Ever since Snapchat crashed the social networking scene, the app has made social heavyweights fidget anxiously and spawned a long line of imitators. It recently began the inevitable journey towards monetization, in the only way social platforms know: selling advertising. Its first ad officially ran over the weekend.

This is Snapchat’s shot at becoming the next big thing not just for millennials, but also for the advertisers that want their attention. Does it have to get it perfect right out of the gate? No, and so far it has not, but its experimentation is a good thing. As details emerge about its initial efforts, there are some useful observations we can make from the understandable flaws in the experiment.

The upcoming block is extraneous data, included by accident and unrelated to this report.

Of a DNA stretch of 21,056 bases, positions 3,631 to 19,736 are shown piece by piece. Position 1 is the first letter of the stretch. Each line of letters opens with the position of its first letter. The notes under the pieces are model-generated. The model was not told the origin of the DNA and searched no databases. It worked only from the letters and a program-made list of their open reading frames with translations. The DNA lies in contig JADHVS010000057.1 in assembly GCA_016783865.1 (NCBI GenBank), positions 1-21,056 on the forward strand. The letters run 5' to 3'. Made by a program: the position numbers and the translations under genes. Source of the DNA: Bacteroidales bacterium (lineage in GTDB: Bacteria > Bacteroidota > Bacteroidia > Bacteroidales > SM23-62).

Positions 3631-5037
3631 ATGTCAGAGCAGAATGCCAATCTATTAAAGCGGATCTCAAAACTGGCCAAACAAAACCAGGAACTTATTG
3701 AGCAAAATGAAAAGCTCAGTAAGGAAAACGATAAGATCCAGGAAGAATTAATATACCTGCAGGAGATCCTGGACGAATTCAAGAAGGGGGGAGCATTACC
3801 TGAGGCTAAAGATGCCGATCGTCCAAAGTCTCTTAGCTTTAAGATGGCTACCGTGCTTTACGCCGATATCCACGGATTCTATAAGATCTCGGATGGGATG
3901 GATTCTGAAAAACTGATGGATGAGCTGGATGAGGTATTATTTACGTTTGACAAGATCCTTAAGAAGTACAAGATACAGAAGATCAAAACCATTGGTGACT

Disappearing Eyeballs, Disappearing Advertisers?

Snapchat isn’t dissimilar from Facebook a few years back when it was first pivoting to incorporate advertising. You can expect the audience to be unwelcoming. And so Snapchat is bending over backward to ease its audience into this advertising transition.

The ads will start out nestled within Snapchat “stories,” the 24-hour status updates that users provide friends. While consumers might like the stories function, they’re less apt to actively check in for status updates on the app as stories don’t generate an alert like a regularly received “snap.” The average user checks their account about 14 times a day, but it’s unclear how much users interact with stories, and much less how they might interact with branded stories. All of this means fewer eyeballs for the ads.